There had been a covenant between God and the Israelites.  In exchange for His blessing and continued presence, His people promised to obey His commandments. God promised to be present for His people  This covenant began during the time of Abraham, Isaac, and Jacob. It was reestablished with Moses and again with David. But by the time of Jeremiah there was a belief that God’s temple, by its very presence in Jerusalem, would protect the city and its inhabitants. Because the people of Jerusalem  felt protected, they lost their way. They were not focused on obedience to God's commandments. They had forgotten to live a life based on the story of the Exodus narrative, based on our deliverance from slavery. Instead they focused on increasing their own wealth (Jeremiah 5:26-28 and 2:8). They took things for granted and perhaps even felt a sense of entitlement.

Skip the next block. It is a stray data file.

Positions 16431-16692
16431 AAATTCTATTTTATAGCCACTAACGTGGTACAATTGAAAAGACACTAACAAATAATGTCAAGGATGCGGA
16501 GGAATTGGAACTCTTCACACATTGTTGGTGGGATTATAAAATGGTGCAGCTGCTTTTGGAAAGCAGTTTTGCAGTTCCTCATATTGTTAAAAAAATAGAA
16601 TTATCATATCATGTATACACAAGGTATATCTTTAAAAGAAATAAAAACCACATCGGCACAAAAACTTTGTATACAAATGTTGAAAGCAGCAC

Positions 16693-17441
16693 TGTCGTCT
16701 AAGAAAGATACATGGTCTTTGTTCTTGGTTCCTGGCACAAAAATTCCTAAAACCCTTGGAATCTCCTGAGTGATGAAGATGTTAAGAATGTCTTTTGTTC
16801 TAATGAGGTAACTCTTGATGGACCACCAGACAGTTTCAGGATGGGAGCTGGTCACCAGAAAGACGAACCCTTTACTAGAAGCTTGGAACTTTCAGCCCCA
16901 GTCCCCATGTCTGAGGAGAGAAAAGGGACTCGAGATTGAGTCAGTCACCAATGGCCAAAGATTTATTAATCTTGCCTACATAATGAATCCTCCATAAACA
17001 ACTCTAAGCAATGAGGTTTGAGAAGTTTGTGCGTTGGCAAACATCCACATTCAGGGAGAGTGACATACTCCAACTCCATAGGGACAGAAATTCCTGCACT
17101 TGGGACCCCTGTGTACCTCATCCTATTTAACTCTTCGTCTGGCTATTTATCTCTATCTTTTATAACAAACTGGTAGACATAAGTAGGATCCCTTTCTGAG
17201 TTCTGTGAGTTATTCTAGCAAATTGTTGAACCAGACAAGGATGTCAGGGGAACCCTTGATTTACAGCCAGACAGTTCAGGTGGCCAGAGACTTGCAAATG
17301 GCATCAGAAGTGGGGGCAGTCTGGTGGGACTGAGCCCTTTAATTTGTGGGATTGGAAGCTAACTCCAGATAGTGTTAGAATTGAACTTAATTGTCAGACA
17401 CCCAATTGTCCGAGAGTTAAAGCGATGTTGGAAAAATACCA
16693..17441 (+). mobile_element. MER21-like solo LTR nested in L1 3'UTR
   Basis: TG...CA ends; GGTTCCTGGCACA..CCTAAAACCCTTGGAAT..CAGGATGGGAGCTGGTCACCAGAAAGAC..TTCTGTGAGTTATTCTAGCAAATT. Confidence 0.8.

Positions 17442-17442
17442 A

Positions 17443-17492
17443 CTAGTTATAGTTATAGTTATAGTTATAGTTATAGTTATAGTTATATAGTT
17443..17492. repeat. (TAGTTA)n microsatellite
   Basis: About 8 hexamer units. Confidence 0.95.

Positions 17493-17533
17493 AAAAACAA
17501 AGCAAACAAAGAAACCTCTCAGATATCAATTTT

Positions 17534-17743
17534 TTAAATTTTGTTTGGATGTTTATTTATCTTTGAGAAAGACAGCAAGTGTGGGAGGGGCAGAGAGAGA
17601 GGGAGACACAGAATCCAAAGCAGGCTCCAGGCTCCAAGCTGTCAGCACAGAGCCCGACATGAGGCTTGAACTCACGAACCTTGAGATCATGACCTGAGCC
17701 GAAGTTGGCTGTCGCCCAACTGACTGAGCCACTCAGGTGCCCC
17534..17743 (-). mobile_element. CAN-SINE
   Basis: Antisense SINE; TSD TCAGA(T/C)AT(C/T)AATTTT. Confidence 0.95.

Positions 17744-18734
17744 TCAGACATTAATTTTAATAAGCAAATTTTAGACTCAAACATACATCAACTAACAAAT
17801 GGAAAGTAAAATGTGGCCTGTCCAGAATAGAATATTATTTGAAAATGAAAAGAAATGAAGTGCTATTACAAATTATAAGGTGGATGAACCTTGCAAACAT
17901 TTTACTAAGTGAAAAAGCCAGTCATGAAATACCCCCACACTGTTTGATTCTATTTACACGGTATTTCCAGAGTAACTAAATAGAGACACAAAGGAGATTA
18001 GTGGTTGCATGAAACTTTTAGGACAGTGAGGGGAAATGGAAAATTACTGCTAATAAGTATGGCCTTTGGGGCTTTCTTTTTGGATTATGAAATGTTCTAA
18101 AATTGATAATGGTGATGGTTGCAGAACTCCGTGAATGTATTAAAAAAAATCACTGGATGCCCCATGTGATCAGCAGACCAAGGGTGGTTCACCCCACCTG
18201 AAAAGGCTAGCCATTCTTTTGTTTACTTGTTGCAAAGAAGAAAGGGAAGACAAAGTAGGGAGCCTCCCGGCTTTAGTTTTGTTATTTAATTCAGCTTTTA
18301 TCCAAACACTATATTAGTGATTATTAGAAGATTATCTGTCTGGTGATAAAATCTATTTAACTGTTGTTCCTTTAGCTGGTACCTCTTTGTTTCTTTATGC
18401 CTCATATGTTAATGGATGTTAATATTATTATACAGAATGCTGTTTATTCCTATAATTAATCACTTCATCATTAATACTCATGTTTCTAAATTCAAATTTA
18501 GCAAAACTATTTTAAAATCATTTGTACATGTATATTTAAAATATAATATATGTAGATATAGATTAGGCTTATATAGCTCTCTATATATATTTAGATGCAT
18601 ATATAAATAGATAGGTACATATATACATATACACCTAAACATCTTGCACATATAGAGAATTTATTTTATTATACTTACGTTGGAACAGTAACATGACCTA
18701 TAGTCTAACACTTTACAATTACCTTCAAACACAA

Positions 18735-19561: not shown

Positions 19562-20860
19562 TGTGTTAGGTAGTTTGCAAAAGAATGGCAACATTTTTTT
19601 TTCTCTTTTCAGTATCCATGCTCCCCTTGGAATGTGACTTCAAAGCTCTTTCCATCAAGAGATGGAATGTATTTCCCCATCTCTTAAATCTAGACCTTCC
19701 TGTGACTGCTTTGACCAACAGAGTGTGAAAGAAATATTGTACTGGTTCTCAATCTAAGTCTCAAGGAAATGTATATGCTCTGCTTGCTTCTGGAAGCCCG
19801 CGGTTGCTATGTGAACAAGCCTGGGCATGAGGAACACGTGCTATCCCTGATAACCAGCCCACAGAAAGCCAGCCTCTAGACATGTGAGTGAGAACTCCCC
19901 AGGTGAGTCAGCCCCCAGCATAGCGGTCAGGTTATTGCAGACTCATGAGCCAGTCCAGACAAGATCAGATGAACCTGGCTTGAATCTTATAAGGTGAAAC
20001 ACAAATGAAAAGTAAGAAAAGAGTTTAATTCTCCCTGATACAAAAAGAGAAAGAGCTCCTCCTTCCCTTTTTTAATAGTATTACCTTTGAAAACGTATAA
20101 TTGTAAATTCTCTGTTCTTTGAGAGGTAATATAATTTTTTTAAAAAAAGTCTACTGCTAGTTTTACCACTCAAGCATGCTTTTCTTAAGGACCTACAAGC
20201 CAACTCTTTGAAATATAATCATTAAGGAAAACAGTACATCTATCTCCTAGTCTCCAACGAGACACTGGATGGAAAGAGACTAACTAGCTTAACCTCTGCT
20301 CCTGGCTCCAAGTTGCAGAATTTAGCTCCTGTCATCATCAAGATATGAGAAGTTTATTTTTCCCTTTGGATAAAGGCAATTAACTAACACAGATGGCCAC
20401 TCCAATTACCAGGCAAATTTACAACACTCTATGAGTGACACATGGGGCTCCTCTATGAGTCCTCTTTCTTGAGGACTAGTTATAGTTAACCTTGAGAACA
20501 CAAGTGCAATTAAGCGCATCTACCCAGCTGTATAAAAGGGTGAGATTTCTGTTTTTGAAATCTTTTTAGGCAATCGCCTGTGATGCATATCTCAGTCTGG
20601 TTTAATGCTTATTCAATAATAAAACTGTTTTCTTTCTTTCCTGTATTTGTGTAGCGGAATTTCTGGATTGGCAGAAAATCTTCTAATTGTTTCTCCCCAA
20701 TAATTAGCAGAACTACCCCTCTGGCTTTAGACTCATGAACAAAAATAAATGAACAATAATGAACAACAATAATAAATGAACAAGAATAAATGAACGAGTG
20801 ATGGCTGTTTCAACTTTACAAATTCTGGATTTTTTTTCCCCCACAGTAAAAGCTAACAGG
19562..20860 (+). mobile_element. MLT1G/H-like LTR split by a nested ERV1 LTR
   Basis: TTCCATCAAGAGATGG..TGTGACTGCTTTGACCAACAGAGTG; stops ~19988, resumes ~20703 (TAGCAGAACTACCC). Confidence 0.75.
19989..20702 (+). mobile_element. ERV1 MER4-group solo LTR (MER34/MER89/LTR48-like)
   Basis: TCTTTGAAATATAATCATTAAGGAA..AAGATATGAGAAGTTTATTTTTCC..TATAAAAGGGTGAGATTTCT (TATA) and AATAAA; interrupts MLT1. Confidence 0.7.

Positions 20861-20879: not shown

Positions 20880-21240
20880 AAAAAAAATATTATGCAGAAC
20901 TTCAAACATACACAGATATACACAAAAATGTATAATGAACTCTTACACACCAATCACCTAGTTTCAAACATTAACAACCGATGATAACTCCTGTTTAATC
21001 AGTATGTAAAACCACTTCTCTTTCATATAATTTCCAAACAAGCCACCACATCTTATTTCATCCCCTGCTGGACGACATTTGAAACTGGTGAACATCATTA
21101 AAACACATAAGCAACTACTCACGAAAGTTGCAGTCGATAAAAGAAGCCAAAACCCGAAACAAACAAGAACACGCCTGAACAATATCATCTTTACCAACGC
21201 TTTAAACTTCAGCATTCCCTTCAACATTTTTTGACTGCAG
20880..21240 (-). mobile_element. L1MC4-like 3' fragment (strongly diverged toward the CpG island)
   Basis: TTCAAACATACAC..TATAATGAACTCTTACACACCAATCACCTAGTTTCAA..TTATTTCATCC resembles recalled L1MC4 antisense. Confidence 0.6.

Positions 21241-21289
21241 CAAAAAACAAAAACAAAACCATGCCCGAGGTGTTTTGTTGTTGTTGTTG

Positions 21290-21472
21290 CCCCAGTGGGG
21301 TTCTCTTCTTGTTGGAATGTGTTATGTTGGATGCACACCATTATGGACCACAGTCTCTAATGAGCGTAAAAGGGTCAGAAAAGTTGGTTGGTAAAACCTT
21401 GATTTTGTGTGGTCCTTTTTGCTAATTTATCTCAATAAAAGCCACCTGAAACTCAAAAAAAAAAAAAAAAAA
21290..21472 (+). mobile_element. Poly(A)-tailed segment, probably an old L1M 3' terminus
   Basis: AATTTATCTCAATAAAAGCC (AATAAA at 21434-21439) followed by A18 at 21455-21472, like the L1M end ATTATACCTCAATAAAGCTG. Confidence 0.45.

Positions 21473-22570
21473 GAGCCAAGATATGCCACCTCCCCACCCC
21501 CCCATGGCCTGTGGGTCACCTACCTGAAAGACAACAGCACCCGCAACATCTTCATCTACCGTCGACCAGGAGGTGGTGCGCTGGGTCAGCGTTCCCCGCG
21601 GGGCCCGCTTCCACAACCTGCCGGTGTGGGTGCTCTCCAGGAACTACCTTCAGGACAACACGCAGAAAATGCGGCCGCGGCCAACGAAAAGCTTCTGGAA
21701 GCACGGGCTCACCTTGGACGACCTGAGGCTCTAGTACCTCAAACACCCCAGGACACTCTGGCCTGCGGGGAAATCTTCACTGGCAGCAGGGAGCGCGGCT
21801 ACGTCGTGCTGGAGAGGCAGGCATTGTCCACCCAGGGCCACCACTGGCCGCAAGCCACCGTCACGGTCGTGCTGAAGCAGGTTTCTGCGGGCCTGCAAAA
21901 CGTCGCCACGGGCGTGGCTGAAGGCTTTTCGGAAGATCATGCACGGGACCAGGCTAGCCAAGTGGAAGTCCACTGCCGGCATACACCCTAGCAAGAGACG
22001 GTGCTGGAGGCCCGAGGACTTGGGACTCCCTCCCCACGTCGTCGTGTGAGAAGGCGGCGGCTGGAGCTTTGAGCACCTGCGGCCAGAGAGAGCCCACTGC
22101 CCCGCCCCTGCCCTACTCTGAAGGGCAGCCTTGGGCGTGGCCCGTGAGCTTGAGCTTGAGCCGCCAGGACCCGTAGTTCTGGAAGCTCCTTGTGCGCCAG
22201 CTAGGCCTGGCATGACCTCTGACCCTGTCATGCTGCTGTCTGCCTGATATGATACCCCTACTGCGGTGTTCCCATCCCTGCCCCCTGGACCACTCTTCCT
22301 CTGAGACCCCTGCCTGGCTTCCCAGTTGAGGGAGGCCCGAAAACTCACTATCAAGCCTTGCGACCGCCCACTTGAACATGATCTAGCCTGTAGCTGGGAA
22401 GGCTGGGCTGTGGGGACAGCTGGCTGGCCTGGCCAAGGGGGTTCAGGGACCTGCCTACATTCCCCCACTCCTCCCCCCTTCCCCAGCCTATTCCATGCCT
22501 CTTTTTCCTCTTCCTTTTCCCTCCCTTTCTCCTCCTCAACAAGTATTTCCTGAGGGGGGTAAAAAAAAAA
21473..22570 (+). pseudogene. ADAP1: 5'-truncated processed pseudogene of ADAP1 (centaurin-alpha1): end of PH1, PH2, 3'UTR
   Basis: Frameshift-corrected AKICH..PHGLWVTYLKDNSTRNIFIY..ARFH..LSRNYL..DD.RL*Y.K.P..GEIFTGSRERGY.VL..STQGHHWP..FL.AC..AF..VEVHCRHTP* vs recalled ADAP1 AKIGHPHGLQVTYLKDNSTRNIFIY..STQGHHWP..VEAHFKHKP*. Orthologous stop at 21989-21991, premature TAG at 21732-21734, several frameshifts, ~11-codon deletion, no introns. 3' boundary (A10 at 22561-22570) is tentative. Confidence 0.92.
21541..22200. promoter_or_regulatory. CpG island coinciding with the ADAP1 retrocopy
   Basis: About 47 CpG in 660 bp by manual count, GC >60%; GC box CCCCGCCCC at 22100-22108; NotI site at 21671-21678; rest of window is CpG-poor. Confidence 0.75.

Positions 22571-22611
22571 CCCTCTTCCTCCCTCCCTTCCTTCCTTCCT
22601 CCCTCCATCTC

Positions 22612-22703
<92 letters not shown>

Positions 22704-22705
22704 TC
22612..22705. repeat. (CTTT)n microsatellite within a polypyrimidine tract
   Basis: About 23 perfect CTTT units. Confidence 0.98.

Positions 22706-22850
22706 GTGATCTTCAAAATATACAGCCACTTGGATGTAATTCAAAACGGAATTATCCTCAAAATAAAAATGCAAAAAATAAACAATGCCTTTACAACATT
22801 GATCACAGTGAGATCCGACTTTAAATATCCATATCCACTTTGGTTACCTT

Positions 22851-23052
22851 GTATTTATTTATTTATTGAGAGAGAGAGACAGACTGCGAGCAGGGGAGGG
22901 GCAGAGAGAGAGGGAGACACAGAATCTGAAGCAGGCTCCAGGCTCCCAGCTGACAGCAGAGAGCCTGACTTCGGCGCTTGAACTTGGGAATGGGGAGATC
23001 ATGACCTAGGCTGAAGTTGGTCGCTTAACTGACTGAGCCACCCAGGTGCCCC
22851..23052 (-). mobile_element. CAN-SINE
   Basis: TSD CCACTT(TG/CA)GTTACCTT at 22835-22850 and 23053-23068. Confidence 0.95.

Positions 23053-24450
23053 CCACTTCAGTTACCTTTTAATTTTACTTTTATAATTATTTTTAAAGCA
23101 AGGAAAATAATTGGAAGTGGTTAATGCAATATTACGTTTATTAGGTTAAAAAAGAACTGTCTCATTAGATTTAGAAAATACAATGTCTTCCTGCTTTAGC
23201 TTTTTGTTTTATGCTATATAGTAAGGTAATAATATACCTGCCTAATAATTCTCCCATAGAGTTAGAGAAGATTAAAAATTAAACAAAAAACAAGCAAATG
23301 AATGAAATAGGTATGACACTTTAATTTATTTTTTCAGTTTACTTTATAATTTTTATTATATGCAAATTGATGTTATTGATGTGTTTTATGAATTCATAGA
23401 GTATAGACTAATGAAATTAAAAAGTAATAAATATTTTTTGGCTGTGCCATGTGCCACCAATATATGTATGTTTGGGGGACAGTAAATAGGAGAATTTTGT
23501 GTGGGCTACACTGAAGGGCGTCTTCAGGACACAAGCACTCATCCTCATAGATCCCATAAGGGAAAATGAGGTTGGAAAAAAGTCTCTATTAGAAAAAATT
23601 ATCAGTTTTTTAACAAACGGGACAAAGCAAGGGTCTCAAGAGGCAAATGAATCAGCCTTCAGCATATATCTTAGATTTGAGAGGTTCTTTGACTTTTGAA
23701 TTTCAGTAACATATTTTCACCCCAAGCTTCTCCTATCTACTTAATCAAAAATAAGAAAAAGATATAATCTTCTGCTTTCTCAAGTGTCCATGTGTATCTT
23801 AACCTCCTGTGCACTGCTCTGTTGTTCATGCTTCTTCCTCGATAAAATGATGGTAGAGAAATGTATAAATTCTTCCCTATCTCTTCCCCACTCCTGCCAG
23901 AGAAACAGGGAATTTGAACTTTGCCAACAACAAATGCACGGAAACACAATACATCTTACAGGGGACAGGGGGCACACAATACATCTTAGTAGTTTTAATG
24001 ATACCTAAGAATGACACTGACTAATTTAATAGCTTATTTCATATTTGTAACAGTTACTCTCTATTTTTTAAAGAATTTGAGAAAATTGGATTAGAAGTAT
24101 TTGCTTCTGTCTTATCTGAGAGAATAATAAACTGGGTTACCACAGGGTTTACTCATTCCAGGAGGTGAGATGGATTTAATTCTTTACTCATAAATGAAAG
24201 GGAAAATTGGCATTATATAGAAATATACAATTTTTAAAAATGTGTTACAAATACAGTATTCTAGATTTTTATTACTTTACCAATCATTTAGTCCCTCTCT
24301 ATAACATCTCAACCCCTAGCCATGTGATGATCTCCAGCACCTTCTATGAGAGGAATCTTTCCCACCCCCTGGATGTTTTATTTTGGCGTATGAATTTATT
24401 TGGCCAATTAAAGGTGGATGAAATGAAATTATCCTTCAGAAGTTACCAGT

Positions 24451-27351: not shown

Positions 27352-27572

The religious leadership had forgotten to put God at the center of their activities. They wanted to make everyone happy and not hold up the mirror of truth. 

It can be argued that we too have lost our way in our relationship with God. There is an increasing secularization of our society. There is a decrease in affiliation with religious organizations
We must ask the challenging questions:
Are we in danger of losing our relationship with God?
What parts of us need to be revealed so that we are not living in denial of the current situation?
Have we allowed ourselves to be pulled away from God by the temptations of shiny new objects and the worshiping of the cult of celebrity and the cult of anti-intellectualism in America?